“I was able to accompany Dad on assignments during weekends and school holidays. We visited a variety of construction sites including Guthega Dam and Power Station, Eucumbene Dam, Island Bend and Tumut Dams, Cabramurra and the Murray and Tumut Power Stations.
“It was different and exciting for a young boy, and it was also a great family experience. Our recreation consisted of skiing on some rather elementary ski fields with rope tows at Guthega, Smiggins Holes and Perisher, bushwalking in the mountains (now Kosciusko National Park) and picnicking with local family groups around the project locations.”
Trevor adds that school in Cooma North, where the Snowy Hydro Project is located, was a multi-cultural experience.
“I attended Cooma North Primary School from the first year it opened and went on to Monaro High School.
“A major proportion of each class was made up of refugees and immigrants from war-torn countries, and I learnt so much more than my lessons. Everyone got along great; were all just children in a classroom learning about each other and where we came from.”
When Trevor left school, he joined the Sydney Water Board as a survey draftsman.
“Following my stint at the Water Board, I joined an engineering consulting firm working on the design for the Darling Harbour road viaduct running from the harbour bridge to Pyrmont.
“From there, I made a career working on road design varying from motorways and interchanges through to urban developments and the occasional airport development or rail line. This lead me to SMEC; I joined the Canberra office in 1990 and have remained with them ever since.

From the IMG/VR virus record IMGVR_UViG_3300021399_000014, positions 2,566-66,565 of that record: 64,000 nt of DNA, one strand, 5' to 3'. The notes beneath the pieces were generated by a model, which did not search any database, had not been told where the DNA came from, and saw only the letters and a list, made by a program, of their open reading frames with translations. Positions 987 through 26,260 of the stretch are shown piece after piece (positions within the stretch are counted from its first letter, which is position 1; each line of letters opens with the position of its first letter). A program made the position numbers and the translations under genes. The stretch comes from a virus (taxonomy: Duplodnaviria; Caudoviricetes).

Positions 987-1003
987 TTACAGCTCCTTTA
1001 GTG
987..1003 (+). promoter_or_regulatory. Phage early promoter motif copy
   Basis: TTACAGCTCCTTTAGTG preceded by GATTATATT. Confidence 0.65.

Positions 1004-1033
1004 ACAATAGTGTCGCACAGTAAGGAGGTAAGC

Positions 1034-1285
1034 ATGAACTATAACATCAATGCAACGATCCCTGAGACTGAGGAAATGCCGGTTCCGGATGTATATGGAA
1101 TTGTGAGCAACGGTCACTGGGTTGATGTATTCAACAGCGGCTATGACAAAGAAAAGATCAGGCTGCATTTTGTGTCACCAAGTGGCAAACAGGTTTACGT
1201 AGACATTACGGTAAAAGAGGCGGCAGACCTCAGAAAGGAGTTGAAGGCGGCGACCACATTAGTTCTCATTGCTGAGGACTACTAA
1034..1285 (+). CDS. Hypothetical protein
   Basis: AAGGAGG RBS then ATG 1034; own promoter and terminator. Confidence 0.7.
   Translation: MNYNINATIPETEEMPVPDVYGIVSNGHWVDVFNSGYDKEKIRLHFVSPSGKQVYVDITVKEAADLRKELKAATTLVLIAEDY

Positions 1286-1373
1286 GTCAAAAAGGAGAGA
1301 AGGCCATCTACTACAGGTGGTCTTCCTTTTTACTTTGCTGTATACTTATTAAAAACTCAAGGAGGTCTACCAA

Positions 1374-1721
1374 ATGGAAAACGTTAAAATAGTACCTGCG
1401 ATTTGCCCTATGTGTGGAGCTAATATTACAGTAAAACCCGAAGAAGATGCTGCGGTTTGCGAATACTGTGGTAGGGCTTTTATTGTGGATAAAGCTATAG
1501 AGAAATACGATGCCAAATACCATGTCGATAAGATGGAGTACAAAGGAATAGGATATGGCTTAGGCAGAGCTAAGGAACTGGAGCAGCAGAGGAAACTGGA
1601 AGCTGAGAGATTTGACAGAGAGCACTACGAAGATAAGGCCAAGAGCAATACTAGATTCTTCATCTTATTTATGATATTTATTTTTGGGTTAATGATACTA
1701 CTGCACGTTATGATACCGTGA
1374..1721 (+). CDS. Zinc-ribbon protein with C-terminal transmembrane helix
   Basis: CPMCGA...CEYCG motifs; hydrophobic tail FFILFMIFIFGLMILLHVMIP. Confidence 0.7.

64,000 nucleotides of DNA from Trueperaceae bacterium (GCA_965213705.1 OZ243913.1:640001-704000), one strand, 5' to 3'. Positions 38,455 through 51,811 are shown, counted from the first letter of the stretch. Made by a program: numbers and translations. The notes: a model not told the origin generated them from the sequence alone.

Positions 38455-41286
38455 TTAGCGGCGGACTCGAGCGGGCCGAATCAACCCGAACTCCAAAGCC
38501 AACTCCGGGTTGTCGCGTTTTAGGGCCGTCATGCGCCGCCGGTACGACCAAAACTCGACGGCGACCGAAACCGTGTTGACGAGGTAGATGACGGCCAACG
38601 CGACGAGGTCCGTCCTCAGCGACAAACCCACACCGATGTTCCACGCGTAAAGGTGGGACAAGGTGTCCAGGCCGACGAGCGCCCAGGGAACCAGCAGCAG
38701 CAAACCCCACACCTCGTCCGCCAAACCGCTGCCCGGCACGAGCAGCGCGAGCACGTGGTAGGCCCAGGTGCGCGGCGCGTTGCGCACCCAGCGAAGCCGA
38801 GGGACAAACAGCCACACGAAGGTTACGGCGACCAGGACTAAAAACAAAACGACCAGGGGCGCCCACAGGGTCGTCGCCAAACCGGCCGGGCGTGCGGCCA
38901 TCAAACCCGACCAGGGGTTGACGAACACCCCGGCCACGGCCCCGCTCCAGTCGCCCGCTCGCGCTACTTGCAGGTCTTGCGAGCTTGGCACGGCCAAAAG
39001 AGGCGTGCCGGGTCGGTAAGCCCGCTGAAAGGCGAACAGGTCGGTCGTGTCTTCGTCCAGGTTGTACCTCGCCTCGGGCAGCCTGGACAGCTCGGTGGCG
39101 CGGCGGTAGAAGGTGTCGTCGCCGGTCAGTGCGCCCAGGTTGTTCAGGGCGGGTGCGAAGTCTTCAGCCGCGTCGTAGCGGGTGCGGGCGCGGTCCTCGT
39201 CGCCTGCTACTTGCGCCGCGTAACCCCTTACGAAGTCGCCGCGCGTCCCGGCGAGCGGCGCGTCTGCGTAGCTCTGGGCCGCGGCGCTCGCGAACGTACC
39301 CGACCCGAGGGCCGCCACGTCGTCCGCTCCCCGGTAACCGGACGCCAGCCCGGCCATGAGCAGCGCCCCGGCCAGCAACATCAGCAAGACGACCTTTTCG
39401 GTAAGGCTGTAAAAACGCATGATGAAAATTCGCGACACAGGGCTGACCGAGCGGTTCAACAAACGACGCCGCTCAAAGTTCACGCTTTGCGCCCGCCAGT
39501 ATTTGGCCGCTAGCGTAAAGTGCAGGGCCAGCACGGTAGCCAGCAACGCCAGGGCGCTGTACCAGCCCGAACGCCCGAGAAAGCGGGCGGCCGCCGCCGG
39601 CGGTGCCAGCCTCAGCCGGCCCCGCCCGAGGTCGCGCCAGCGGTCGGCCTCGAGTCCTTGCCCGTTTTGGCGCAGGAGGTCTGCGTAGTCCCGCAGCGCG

“SMEC has had an exciting journey through the years, from SMHEA, to SMEC and now part of the Surbana Jurong Group.
“Throughout all the changes, what has always stood out is the positive can-do attitude of the people who work here.
First hand, I saw people’s positive attitude again and again, from the early days through my own parents’ positive approach and teamwork, right through to today, where I’ve been a part of the SMEC family for almost 30 years.
“I’ve always felt connected to the Snowy Mountains and took every opportunity to work on projects there. Thus far, my contribution has included Ski Tube access, parking areas and surface rail alignment, upgrading roads in the ski villages and finally Snowy 2.0.”
Trevor reminisces on a recent site visit to inspect Ravine Road for the Snowy 2.0 project, saying while much has changed, some things reassuringly stay the same.
“We stopped at Lobbs Hole near the top end of Talbingo Dam, an area I used to visit with my parents in the mid-1950s.
There’s no doubt that the Snowy Mountains Scheme has had a huge impact on me, my childhood and career journey. I realised that I had come full circle.”
SMEC’s Dr Richard Kelly, Chief Technical Principal – Geotechnical Engineering, has contributed to industry-leading research and innovation in the field of soft soil engineering.
“I chose hydro and dam engineering as a career because it offered me the opportunity to be involved in projects which, I believe, make a long-lasting contribution to a society’s development, particularly in developing countries.”
Sustainability… it’s the goal for many of us in the world of design and engineering and a key consideration during the lifecycle of any major project.